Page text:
Should I update my Late 2009 iMac (running Mavericks) to El Capitan?

Roger Thornhill

macrumors newbie
Original poster
Mar 30, 2016
9
0
Alright, so I'm having trouble deciding if I should upgrade my Late 2009 iMac to El Captain.

Info:
Late 2009 iMac 21.5 inch

Mavericks, 10.9.5
3.06 GHz Intel Core 2 Duo
4GB 1067 MHz Ram
HDD - no SDD

Should I upgrade? Because I know that the late 2009 iMacs are the last officially recommended machines to upgrade.

And I really don't want this machine to get any slower.


Now, I'm not really in the known and haven't kept up with the news etc. lately.

What do you guys think, should I upgrade to El Capitan or not? I'm assuming Yosemite is out of question.
And I'm hoping this is in the right sub forum, if not please let me know!

Thanks in advance!
 
Last edited:

DeltaMac

macrumors G4
Jul 30, 2003
10,124
2,638
Delaware
If you are going to upgrade to El Capitan, then you should also consider upgrading your RAM. Doubling to 8GB would be a great upgrade, and you CAN go all the way to 16GB, if you would want to do that.
You should also consider replacing the hard drive. You can have a good benefit from replacing a 6 or 7 year old hard drive. Even better, SSDs continue to go down in price, so upgrading your RAM, and swapping out the hard drive to new, or better yet an SSD, would yield a significant change in how your iMac "feels". You should experience performance better than you have ever seen.
Upgrading the RAM is easy, with the access panel on the bottom.
You can also replace the hard drive, as that is a task that simply needs the right tools, and the time to do it.
 
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mercuryfox

macrumors newbie
Sep 20, 2015
4
3
Germany
I'm running El Capitan since release on my 2009 MBP 13 - C2D 2,13GHz, 8GB RAM, SSD.

SSD may be irrelevant (if you are happy without now, you should be with El Capitan as well), but RAM is a cheap investment you really should consider, no matter if you update or not.

The switch to 8GB and SSD was a very good decision for me, for about 120$/€ combined you can give your Mac a massive performance boost.
 

Roger Thornhill

macrumors newbie
Original poster
Mar 30, 2016
9
0


Thanks a lot for both of your opinions! And for your great advice!

Considering the easiness of adding 4 GB of ram I might just do that. Is there anything I need to make sure concerning that though? As in (bear with my stupid questions please, I'm very much not at the top of my game when it comes to hardware), do I need to consider the Speed (match it?) or look out for certain manufacturers? Can I go for any manufacturer? I assume Apple wants you to buy a very overpriced Apple Certified RAM, but I assume there's no need. Could I go for a cheap one?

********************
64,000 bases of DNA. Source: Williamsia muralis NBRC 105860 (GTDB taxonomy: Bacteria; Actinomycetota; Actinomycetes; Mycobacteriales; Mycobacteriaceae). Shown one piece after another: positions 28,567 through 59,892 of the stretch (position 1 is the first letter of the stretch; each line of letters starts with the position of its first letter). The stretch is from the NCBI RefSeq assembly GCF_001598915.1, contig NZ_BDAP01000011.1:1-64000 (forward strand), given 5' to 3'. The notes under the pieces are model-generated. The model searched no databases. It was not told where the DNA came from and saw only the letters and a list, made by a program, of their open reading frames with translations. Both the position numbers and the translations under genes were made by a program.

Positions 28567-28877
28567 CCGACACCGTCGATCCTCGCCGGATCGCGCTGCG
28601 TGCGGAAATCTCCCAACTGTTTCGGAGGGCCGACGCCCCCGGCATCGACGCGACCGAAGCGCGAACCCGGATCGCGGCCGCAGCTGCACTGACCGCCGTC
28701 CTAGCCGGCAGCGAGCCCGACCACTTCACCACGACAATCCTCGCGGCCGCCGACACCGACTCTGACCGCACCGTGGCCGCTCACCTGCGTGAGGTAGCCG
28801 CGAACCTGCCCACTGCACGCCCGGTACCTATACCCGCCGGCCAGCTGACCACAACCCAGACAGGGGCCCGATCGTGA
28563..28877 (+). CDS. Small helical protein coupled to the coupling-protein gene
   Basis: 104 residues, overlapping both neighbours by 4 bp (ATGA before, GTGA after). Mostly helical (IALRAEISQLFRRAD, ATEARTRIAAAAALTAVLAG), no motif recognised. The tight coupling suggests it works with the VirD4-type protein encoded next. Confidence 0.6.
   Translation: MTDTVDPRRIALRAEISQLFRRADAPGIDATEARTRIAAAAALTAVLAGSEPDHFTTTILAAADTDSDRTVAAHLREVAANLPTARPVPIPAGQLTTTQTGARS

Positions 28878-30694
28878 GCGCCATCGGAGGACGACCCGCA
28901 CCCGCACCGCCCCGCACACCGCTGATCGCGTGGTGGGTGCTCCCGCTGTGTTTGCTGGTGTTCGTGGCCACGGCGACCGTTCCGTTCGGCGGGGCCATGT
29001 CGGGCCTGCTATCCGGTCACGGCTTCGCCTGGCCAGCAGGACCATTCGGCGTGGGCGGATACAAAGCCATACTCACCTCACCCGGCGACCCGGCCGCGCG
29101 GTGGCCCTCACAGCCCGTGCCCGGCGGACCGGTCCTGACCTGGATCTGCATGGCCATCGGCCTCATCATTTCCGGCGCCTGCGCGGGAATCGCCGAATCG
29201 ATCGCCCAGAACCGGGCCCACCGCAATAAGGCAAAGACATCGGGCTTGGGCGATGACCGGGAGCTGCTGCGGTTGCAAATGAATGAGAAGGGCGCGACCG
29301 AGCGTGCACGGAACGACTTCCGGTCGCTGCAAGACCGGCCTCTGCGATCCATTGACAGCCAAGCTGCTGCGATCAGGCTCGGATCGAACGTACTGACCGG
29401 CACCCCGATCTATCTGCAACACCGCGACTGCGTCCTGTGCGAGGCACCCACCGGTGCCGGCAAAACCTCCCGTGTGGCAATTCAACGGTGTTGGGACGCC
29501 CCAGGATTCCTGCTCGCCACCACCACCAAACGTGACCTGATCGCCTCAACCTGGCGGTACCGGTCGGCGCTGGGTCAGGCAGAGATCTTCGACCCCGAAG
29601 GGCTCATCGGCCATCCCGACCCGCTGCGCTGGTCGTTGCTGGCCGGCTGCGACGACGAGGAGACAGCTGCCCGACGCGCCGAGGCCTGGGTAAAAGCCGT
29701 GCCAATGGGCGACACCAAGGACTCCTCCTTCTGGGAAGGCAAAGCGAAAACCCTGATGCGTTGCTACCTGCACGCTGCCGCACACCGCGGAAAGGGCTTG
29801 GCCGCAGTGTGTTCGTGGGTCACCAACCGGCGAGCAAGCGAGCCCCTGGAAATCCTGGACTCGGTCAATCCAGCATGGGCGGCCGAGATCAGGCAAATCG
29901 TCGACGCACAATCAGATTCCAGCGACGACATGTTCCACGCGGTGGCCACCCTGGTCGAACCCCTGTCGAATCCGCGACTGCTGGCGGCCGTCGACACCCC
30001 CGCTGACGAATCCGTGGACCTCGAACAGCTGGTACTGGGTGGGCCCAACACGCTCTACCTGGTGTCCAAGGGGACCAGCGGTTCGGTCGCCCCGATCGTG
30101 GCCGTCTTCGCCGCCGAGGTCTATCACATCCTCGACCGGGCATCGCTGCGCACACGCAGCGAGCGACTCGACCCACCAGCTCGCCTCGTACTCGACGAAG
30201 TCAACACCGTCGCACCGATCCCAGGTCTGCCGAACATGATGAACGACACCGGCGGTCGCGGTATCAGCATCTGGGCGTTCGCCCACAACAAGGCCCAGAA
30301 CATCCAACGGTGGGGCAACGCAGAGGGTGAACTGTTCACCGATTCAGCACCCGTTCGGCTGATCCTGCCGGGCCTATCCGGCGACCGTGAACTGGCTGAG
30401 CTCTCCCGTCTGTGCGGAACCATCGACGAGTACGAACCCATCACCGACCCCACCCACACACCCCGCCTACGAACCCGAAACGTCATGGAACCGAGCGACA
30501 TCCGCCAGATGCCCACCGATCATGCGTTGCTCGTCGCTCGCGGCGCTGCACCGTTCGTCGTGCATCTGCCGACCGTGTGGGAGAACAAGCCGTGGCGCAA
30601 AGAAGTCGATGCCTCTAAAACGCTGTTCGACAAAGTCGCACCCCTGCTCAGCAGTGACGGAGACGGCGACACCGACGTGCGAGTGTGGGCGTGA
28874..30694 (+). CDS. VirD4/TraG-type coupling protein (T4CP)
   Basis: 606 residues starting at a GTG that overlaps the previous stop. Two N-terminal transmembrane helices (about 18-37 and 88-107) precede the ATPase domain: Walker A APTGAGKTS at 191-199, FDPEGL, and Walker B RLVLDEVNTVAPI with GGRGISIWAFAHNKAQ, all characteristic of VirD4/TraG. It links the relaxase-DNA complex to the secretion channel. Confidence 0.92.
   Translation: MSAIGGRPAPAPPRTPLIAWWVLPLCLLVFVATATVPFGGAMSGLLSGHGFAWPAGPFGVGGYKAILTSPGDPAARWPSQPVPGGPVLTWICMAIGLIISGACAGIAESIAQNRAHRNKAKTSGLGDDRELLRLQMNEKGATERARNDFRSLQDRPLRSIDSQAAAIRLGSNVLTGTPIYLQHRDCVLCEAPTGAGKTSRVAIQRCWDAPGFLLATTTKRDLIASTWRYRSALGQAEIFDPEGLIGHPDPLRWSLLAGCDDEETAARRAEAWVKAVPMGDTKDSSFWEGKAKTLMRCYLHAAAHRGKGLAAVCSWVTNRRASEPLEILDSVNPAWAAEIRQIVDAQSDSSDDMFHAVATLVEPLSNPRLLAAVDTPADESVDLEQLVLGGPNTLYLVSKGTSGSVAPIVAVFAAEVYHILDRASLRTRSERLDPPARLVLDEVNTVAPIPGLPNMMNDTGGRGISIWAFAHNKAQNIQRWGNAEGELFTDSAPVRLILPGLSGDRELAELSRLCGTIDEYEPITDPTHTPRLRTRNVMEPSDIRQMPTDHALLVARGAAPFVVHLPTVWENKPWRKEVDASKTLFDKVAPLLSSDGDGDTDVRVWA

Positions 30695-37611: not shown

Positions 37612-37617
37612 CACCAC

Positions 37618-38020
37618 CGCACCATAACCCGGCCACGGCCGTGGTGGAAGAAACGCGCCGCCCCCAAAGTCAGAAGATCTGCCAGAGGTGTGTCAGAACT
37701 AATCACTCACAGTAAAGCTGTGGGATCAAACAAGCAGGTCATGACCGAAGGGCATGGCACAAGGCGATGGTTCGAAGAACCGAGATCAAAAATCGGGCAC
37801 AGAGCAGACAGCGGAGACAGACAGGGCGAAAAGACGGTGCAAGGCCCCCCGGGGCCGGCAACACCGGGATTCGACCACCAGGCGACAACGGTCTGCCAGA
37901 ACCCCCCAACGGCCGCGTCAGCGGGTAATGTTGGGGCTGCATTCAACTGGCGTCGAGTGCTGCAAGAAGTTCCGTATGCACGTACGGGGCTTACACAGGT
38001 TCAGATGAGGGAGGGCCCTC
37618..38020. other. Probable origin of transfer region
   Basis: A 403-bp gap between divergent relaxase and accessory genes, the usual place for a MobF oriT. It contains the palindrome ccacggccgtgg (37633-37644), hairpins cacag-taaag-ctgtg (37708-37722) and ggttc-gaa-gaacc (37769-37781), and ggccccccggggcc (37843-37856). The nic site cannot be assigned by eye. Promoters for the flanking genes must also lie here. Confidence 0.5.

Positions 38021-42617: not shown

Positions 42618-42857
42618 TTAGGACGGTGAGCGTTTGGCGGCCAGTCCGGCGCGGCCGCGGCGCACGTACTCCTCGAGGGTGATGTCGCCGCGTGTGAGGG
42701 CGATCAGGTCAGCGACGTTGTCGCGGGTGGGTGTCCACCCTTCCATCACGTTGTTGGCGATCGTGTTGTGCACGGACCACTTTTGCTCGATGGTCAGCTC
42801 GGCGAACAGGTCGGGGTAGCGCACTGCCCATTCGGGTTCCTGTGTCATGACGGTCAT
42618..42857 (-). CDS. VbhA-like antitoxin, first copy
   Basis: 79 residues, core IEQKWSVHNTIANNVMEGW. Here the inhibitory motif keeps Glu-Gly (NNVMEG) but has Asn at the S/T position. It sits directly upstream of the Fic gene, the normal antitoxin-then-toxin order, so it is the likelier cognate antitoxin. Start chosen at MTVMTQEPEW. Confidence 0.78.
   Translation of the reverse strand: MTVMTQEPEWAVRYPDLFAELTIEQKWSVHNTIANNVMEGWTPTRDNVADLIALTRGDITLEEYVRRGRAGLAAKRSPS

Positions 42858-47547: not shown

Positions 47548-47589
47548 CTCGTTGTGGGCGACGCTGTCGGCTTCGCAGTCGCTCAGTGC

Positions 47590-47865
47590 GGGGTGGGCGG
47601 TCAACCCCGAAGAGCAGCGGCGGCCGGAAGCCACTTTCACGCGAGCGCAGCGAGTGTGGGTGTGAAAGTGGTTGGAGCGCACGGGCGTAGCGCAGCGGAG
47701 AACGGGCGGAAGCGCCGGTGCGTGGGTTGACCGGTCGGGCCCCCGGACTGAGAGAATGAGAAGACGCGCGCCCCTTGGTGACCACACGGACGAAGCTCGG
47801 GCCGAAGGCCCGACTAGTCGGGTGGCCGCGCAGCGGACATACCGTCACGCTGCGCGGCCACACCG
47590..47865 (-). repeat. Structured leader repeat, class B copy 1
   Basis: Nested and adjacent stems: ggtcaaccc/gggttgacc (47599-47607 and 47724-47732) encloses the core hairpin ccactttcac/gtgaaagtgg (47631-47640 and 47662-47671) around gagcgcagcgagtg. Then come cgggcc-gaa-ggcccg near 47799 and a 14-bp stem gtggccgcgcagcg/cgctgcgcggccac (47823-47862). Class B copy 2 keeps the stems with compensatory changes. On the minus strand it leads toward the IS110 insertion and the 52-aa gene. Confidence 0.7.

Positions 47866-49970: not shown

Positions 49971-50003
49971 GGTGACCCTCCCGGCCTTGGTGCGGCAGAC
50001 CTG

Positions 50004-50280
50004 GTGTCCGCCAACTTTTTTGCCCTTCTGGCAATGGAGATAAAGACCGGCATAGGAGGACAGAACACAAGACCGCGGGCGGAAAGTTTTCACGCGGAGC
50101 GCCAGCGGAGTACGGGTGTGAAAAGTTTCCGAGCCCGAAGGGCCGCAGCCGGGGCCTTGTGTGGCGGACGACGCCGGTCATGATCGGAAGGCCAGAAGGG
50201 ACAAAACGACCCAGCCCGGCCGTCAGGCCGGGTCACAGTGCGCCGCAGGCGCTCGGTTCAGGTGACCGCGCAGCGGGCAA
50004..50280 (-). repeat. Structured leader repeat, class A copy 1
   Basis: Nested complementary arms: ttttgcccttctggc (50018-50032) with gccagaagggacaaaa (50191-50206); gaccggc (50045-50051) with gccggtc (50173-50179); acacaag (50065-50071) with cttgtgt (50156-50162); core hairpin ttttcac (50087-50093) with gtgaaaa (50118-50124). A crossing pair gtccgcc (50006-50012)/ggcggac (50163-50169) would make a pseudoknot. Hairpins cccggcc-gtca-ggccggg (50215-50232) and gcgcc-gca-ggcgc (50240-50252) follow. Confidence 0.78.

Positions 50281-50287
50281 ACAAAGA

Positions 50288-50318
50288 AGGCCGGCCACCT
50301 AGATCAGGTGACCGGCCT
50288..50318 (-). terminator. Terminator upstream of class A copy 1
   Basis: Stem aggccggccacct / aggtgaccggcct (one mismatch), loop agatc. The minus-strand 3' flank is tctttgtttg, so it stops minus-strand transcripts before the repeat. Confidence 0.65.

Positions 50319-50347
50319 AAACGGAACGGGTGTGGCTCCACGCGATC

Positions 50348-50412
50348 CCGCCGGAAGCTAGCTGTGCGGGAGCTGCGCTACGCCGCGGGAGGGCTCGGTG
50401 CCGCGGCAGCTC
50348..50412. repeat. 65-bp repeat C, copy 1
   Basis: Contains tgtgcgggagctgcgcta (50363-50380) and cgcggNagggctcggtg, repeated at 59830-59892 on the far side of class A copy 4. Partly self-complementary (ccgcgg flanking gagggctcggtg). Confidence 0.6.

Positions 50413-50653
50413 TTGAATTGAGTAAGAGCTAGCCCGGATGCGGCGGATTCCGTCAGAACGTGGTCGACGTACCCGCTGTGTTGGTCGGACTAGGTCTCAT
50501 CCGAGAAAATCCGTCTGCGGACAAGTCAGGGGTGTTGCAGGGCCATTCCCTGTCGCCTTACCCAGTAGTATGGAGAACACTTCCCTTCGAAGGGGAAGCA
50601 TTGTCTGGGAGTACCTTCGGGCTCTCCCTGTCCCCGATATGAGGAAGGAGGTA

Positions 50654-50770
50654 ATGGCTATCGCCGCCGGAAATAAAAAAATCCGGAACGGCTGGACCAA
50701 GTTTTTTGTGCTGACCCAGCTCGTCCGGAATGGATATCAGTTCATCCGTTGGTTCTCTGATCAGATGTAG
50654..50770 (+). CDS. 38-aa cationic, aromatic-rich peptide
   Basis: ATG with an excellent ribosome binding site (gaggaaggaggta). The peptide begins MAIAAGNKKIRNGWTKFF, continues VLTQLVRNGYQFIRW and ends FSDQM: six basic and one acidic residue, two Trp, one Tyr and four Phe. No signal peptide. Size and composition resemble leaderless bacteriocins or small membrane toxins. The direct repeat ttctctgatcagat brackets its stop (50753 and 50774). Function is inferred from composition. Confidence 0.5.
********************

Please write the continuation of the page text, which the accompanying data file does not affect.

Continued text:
Very quick amazon (germany) search gave me

Kingston KVR13N9S6 for 12€ for 2GB (Total: 24€) (2GB 1333MHz DDR3 Non-ECC CL9 DIMM single rank, 240-pin, 1,5V)
or
Crucial PC3-8500 2x2GB for Total: 37€ (Crucial CT2C2G3S1067MCEU DDR3-1066 SODIMM)
or
Crucial PC3-10600 2x2GB for Total:32€ (Crucial CT2C2G3S1339MCEU), (SODIMM, 1333 MHz 1,35 CL9)

and more by Corsair etc.

And I'm out of my depth on this one.

As for the SDD: I'm sure that the SDD would do wonders for the performance, but I'm not sure If I want to go through the trouble of the (much harder installation) and the heftier price.

I'm assuming the SDD would give the performance a much bigger boost compared to the ram update though, right?
I'm just unsure if I want to sink 100+€ in this soon 7 year old machine.

If I could double the ram for 30€ that would be a good option for me, but dropping the 100 on the SSD might just be too much for me.

So would you suggest to only upgrade the OS if I upgrade the ram? Or only if I upgrade the SSD? Or upgrade the OS even If I don't update my hardware.

Again, thanks a lot guys. This is really helping me out here.
 

Fishrrman

macrumors Core
Feb 20, 2009
19,102
6,546
Something you could try, that might actually improve things speed-wise:

- Get a firewire 800 2.5" enclosure (one that also has USB3 and UASP support).
- Get a cheap SSD (I'd suggest Crucial or Sandisk, 240gb range, 480 if you feel like splurging)
- Install a clean copy of El Capitan onto it

Now you can boot and run "externally".
Boot times will be a bit restrained due to the speed of the firewire800 bus, but -- once up and running -- I think you'll actually like the performance.

This isn't a "be all, end all" solution, just a way to run and get familiar with El Capitan without disturbing your current OS setup.